Would India’s 1983 side beat its 2011 counterpart?
India’s 2011 world cup success was the second in the national side’s history. India are currently joint-second with the West Indies in terms of world titles – although the Windies have not won the World Cup since 1979.
While the Indian team of 2011 had no amateurish connotations, as they did when they triumphed in 1983, their second world cup victory was no less impressive, especially when one considers Australia’s dominance over the tournament in the past two decades. Thus, grounds exist for a fair comparison of the two Indian sides.
Naturally, the main difference between the two eras is the presence of a codified Indian Premier League, and the influence of Indian superstars such as Sachin Tendulkar. To gain a truly balanced view as to which title-winning Indian team would prevail, it is important to look at the backstories of each Indian side, from 1983 and 2011, and the challenges faced on their respective paths to glory.
In the first two editions of the World Cup, India failed to progress beyond the group stage. Psychologically, this could have given India a disadvantage in 1983, particularly when one considers that the tournament itself was held on hostile British ground. It was in India’s first game of the tournament, against champions West Indies at Old Trafford, which the world saw an early sign of events to come.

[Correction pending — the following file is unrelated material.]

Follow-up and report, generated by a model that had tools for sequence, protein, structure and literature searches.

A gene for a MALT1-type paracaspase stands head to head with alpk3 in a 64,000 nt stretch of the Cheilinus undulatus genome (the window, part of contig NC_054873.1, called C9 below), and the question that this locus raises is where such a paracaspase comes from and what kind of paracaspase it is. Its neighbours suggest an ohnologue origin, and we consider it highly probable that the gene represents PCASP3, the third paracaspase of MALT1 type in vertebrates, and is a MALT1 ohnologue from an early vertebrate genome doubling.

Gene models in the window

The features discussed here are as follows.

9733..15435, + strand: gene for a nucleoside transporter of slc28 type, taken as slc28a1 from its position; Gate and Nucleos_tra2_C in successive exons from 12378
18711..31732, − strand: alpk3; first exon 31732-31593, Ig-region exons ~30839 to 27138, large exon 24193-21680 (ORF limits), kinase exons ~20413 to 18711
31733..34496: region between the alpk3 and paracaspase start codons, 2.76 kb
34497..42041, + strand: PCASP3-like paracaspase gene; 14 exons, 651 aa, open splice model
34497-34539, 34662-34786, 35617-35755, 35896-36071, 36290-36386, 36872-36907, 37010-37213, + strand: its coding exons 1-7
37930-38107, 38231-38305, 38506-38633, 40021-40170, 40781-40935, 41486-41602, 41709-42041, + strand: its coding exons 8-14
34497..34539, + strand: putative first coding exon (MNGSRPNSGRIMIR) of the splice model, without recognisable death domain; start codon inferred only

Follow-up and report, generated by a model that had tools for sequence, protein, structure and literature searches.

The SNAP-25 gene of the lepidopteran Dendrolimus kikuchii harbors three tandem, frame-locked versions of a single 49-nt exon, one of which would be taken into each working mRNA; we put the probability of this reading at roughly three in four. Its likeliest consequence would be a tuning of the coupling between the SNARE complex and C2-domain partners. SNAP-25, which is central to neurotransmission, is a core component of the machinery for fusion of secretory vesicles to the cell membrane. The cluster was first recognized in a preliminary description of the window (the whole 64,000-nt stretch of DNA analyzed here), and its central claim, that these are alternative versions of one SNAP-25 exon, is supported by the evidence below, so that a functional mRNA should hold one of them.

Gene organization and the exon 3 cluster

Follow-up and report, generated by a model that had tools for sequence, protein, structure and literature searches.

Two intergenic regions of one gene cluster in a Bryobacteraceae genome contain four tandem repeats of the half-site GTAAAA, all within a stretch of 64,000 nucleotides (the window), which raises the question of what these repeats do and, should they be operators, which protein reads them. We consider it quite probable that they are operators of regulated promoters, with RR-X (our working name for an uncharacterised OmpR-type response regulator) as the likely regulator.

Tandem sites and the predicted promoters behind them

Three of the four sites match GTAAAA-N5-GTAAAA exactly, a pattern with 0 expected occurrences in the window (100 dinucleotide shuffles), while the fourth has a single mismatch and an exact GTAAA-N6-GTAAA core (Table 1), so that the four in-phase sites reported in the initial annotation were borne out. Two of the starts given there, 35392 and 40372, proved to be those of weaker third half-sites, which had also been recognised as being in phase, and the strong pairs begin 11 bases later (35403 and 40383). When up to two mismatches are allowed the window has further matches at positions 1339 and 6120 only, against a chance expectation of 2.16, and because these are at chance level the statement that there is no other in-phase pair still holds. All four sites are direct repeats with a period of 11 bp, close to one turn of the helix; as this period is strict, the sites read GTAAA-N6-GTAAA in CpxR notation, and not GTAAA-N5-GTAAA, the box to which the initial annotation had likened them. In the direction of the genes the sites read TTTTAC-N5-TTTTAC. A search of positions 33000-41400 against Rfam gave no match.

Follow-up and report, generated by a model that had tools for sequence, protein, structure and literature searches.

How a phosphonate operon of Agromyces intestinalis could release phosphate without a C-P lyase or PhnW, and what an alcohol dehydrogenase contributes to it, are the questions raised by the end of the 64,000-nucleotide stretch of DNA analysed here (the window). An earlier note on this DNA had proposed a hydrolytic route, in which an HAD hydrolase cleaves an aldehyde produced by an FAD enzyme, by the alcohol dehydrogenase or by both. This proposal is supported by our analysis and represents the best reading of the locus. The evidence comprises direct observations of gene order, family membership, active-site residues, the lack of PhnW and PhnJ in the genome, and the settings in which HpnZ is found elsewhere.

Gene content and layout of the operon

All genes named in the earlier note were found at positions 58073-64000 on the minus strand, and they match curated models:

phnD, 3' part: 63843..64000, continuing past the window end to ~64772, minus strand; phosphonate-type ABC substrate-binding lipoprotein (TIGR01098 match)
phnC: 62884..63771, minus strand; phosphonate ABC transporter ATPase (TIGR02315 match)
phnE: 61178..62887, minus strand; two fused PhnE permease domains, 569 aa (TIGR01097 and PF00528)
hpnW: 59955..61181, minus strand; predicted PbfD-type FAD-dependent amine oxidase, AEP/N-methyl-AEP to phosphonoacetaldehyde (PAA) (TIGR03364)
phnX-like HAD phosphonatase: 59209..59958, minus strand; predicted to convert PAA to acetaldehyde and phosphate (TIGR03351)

For their part, the Windies had never lost a world cup match before their 1983 opening game. In Winston Davis, they also boasted a lethal bowler – who would later dismiss seven Australian batsmen at the cost of just 51 runs. Yashpal Sharma, however, proved his nemesis in the 1983 encounters that stunned the world.
By 2011, India had evolved into a formidable side which was always given short odds by bookmakers such as bet365 ahead of major tournaments. Yet, it was still a side with its doubters, given Australia’s vice-like hold over the game at that time.
In contrast to 1983, though, India’s opening match was a widely expected victory, against Bangladesh. Even with the advantage of home turf in their second match, against England, India endured a disappointing draw. On that occasion, they showed no shades of the 1983 side at all.
Twenty-eight years later, the format would involve one extra knockout round to negotiate, meaning that there is argument in favour of the 2011 side in this unique – albeit hypothetical – battle. Yet, once the men in blue had disposed of champions Australia, the psychological gravity of the semi-final (vs Pakistan) and the final (vs Sri Lanka) was much reduced.
With those backstories taken into account, the 1983 Indian side arguably wins this battle. While the 2011 side – with a worldwide media presence and modernised fitness regime – would have an obvious advantage, it is worth remembering that the basic rules of the game have never changed.
As the 1983 tournament showed the world, it is ultimately team spirit and strong leadership that determine the winners and losers in cricket.